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J Pharmacol Exp Ther. 2002 Dec;303(3):1309-16.

Effect of dopamine uptake inhibition on brain catecholamine levels and locomotion in catechol-O-methyltransferase-disrupted mice.

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  • 1Department of Pharmacology and Toxicology, University of Kuopio, Kuopio, Finland.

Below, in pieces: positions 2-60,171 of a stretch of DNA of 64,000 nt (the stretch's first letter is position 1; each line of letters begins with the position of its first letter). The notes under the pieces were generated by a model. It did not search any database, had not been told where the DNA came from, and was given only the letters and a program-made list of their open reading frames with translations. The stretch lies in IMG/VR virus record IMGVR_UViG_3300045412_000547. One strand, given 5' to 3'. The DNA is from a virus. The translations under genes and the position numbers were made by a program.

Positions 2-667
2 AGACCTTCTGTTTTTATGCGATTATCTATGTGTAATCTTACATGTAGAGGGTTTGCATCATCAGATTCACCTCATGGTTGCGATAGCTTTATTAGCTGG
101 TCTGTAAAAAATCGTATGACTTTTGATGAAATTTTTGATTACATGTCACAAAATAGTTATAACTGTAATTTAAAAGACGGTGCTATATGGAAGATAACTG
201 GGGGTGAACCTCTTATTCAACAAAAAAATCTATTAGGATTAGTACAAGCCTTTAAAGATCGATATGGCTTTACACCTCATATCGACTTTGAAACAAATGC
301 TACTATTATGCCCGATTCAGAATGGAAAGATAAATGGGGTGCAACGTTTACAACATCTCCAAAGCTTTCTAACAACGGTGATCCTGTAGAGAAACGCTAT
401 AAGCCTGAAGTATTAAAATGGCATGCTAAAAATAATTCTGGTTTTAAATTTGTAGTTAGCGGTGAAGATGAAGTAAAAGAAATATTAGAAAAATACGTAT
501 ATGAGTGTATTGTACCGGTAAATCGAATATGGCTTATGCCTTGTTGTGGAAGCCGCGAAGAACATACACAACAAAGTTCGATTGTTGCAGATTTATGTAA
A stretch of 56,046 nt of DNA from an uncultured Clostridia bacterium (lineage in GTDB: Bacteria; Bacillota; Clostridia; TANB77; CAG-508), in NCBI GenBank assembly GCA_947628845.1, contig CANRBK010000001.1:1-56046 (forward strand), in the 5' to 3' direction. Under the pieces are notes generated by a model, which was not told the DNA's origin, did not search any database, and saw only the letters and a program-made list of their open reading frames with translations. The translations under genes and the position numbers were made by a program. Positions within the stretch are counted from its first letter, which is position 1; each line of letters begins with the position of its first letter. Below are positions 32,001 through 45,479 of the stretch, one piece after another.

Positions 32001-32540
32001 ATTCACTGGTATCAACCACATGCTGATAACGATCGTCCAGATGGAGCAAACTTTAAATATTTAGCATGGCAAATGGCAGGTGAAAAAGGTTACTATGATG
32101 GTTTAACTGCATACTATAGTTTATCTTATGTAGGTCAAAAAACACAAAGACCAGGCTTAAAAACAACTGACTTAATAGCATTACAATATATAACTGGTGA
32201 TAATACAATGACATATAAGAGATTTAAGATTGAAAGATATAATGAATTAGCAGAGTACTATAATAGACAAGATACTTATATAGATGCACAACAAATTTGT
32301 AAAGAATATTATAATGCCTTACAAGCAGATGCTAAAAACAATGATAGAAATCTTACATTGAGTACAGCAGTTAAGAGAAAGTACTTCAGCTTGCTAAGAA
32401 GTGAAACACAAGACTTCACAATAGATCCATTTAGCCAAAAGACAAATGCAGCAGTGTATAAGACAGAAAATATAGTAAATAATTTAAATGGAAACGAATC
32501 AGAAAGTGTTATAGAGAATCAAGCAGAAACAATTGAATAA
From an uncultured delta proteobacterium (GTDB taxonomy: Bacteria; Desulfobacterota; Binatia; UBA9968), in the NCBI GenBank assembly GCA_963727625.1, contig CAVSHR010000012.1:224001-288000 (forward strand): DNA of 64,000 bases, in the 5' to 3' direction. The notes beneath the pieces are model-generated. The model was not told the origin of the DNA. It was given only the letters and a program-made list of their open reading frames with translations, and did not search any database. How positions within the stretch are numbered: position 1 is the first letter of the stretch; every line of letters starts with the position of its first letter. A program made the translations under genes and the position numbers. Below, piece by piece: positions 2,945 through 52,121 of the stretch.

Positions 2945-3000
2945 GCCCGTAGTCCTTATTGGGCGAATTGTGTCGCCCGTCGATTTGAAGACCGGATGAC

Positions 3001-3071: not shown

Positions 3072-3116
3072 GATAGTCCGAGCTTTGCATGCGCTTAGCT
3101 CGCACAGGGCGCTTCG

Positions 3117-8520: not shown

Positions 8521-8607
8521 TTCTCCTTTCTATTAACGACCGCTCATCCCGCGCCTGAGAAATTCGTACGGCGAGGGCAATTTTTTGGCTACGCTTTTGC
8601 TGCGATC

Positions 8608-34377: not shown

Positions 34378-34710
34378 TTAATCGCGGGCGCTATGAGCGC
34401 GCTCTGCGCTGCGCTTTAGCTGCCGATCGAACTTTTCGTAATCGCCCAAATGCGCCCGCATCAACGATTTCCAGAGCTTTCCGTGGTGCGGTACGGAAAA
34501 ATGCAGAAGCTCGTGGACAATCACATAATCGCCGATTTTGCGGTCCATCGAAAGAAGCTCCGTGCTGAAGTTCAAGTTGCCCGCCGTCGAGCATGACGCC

Two different uptake processes terminate the synaptic action of released catecholamines in brain: the high-affinity uptake to presynaptic nerve terminals (uptake(1), followed by oxidation by monoamine oxidase, MAO) or glial cells uptake (uptake(2), followed by O-methylation by catechol-O-methyltransferase, COMT, and/or oxidation by MAO). For dopaminergic neurons, uptake by the high-affinity dopamine transporter (DAT) is the most effective mechanism, and the contribution of glial COMT remains secondary under normal conditions. In the present study we have characterized the role of COMT using COMT-deficient mice in conditions where DAT is inhibited by 1-[2-[bis(4-fluorophenyl)methoxy]ethyl]-4-(3-phenylpropyl)-piperazine (GBR 12909) or cocaine. In mice lacking COMT, GBR 12909 results in total brain tissue dopamine levels generally higher than in wild-type mice but no such potentiation was ever seen in striatal extracellular fluid. Dopamine accumulation in nerve endings is more evident in striatum and hypothalamus than in cortex. Both GBR 12909 and cocaine induced hyperlocomotion in mice lacking COMT. Unexpectedly, hyperactivity induced by 20 mg/kg GBR 12909 was attenuated only in male COMT knockout mice, i.e., they had an inability to sustain the hyperactivity induced by DAT inhibition. Furthermore, attenuation of hyperlocomotion was observed also after cocaine treatment in both C57BL/6 (at 5 and 15 mg/kg) and 129/Sv (at 30 mg/kg) genetic background COMT-deficient male mice. Despite the possible interaction between DAT and extraneuronal uptake (and subsequently COMT), the role of COMT in dopamine elimination is still minimal in conditions when DAT is inhibited.

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